Indianapolis (US): Pharma firm Eli Lilly continues to back a potential COVID-19 treatment despite research showing that it may not work on hospitalised patients. The drugmaker said Tuesday it remains confident that its drug may stop COVID-19 from developing in other patients. Researchers are still studying the drug in mild to moderately ill patients, to try to prevent hospitalisation and severe illness.
US government officials had earlier said Monday that they put an early end to a study testing the antibody drug in hospitalised patients because it doesn’t seem to be helping them. Antibodies are proteins the body makes when an infection occurs. The attach to a virus and help it be eliminated.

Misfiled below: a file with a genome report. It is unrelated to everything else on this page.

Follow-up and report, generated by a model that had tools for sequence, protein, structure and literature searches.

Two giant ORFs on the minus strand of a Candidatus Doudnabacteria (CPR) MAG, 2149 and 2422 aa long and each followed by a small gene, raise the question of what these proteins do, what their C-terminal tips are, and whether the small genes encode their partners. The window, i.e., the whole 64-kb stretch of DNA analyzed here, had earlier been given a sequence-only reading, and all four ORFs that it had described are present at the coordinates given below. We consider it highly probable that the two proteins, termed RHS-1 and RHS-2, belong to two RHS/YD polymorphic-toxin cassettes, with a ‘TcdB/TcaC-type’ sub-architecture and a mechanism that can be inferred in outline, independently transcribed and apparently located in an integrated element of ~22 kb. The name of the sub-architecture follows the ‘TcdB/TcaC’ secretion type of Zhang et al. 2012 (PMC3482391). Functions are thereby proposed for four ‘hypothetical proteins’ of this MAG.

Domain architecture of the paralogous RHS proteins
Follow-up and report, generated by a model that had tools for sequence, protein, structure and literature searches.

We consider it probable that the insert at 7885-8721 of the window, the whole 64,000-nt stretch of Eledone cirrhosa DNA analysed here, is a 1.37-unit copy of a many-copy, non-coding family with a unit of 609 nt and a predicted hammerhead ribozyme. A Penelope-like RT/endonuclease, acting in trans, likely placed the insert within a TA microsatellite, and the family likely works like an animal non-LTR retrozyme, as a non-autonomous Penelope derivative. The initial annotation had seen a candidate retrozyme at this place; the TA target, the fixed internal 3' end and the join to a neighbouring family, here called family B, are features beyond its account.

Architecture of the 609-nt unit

Lilly shares tumbled in early-morning trading on Tuesday after the company also laid out disappointing third-quarter results. The drugmaker said its net income fell four per cent to $1.21 billion, partly due to $125 in research and other costs for developing potential COVID-19 treatments. Global revenue climbed five per cent to $5.74 billion, and adjusted earnings totalled $1.54 per share.
Analysts expected, on average, earnings of $1.71 per share on $5.87 billion in revenue, according to ‘FactSet’. Shares of the Indianapolis-based Eli Lilly and Co fell four per cent to $136.01 before markets opened.